Chakrabarty, Dipesh, “Translating Life-Worlds into Labor and History,” in idem, Provincializing
Europe: Postcolonial Thought and Historical Difference (Princeton: Princeton University Press, 2000), 72-96.
________. “Minority Histories, Subaltern Pasts,” in idem, Provincializing Europe: Postcolonial
Thought and Historical Difference (Princeton: Princeton University Press, 2000), 97-113.
Cooper, Frederick, “Conflict and Connection: Rethinking Colonial African History,” American
Historical Review 99, no. 5 (1994): 1516-1545.
Mallon, Florencia E., “The Promise and Dilemma of Subaltern Studies: Perspectives from Latin
American History,” American Historical Review 99, no. 5 (1994): 1491-1515.
Prakash, Gyan, “Subaltern Studies as Postcolonial Criticism,” American Historical Review 99,
no. 5 (1994): 1475-1490.
Background to Subaltern Studies:
Chakrabarty, Dipesh, "A Small History of Subaltern Studies," in Habitations of Modernity:
Essays in the Wake of Subaltern Studies (Chicago: University of Chicago Press, 2002), 3-17.
Appadurai, Arjun, “Introduction: Commodities and the Politics of Value,” in The Social Life of
Things: Commodities in Cultural Perspective, ed. Arjun Appadurai (New York: Cambridge University Press, 1986), 3-63. Abstract: According to Mihaly Csikszentmihalyi’s review in Contemporary Sociology 17, no. 2 (1988): 223-224, “The intention of the book is to do for consumption what Marx did for production: to reveal the links between politics broadly construed as relations, assumptions, and contests pertaining to power, and the value and exchange of commodities” (p. 223).
Bhabha, Homi, “DissemiNation: Time, Narrative, and the Margins of the Modern Nation,” in
idem, ed., Nation and Narration (London: Routledge, 1990), 291-322. According to Ian Baucom’s nine-page review in Transition no. 55 (1992): 144-153, the essays collected in this volume explore BhaBha’s notion of hybridity, which seems to connote appropriation of hegemonic narratives into subaltern narratives of national identity.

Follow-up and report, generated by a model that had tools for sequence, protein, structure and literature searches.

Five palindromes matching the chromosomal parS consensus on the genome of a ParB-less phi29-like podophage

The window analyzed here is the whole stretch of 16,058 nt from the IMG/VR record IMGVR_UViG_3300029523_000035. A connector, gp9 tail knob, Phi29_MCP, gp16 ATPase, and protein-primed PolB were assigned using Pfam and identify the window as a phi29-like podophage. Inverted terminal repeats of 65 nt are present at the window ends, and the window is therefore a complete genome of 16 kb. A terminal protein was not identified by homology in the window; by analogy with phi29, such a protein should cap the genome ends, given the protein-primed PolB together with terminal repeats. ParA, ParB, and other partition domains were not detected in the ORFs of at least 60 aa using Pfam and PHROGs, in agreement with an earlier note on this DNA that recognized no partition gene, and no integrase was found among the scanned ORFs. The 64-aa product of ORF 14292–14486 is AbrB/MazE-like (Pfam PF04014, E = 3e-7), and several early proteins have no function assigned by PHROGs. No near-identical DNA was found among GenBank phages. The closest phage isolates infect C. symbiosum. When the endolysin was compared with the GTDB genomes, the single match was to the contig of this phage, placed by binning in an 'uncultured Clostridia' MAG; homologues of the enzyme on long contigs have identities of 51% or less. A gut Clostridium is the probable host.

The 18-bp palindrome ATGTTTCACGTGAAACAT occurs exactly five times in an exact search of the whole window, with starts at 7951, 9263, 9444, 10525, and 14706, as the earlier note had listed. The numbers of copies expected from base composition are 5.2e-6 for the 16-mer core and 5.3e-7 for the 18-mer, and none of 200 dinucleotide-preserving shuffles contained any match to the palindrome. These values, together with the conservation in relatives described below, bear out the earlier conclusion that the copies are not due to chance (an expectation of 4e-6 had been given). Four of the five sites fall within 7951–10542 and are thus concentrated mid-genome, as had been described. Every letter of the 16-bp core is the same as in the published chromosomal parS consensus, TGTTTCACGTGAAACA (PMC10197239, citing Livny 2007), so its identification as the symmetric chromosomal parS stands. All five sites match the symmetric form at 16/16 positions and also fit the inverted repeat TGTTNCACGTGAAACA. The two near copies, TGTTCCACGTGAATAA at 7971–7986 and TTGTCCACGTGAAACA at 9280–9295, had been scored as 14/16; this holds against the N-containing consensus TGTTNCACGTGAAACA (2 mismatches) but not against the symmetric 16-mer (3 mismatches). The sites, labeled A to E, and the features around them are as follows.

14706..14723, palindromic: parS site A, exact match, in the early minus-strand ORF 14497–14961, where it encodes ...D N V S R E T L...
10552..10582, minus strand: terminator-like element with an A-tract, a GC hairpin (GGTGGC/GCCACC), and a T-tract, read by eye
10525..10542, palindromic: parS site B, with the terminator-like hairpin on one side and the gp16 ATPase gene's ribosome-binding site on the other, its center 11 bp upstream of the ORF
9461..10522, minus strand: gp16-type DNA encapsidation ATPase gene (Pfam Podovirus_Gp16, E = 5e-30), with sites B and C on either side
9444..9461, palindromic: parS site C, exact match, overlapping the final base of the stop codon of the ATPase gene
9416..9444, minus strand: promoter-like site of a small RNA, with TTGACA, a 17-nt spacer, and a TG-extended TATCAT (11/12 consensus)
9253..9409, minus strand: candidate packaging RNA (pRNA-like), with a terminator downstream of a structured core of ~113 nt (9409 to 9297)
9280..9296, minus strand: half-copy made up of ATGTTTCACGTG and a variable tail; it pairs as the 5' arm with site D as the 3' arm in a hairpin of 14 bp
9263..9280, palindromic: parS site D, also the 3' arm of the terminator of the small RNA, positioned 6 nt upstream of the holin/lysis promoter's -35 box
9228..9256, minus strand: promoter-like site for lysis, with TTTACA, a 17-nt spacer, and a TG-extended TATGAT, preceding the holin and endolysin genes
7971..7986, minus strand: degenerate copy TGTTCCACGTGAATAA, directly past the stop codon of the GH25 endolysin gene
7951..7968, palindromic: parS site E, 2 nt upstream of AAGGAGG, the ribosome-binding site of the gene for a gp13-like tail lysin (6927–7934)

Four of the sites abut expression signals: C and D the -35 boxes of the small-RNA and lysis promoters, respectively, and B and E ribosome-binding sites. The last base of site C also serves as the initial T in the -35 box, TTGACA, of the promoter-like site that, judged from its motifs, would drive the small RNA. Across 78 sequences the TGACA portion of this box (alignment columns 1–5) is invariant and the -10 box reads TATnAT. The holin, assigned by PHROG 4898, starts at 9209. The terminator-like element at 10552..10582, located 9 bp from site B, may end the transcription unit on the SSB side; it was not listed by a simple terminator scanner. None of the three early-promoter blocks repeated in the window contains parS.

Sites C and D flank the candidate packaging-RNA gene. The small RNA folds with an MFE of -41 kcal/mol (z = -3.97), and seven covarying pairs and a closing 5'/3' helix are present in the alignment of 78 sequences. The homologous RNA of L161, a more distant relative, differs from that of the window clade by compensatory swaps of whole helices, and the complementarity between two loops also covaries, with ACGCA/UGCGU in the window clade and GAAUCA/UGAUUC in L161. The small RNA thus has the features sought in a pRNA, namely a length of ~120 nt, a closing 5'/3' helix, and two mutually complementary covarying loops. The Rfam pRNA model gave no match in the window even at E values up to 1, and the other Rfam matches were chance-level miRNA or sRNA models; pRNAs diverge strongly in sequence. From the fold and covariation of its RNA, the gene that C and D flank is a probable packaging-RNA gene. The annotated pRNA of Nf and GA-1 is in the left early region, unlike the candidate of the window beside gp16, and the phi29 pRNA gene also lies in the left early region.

Chakrabarty, Dipesh, “Presence of Europe: An Interview with Dipesh Chakrabarty,” South
Atlantic Quarterly 101, no. 4 (2002): 859-868. Abstract: An interview conducted by Saurabh Dube meant to highlight the arguments of Chakrabarty’s recent book, Provincializing Europe, “ a multilayered and intriguing work, defying conventional summary” according the interviewer.
________., “Radical Histories and Question of Enlightenment Rationalism: Some
Recent Critiques of Subaltern Studies,” in Vinayak Chaturvedi, ed., Mapping Subaltern Studies and the Postcolonial (London: Verso, 2000), 256-280.
Chatterjee, Partha, “Histories and Nations,” in The Nation and Its Fragments (Princeton:
Princeton University Press, 1993), 95-115. According to David Kopf’s review in AHR 100, no. 4 (1995): 1281-1282, this is one of three chapters that traces the rise of Bengali historical consciousness as the essential component in the development of Bengali national consciousness. It was unrelated to any other works on this list, but the review has some interesting biographical information on the social origins of several of the leading subaltern studies scholars.
Feierman, Steven, “Colonizers, Scholars, and the Creation of Invisible Histories,” in Beyond the
Cultural Turn: New Directions in the Study of Society and Culture, eds. Victoria E. Bonnell and Lynn Hunt (Berkeley: University of California Press, 1999), 182-216. Abstract: Feierman, in the context of African colonial history, discusses the “invisible histories” that tend to be obscured by grand international/global perspectives, which tend to be centered around Europe.
Guha, Ranajit, “Introduction,” in idem., ed., A Subaltern Studies Reader (Minneapolis: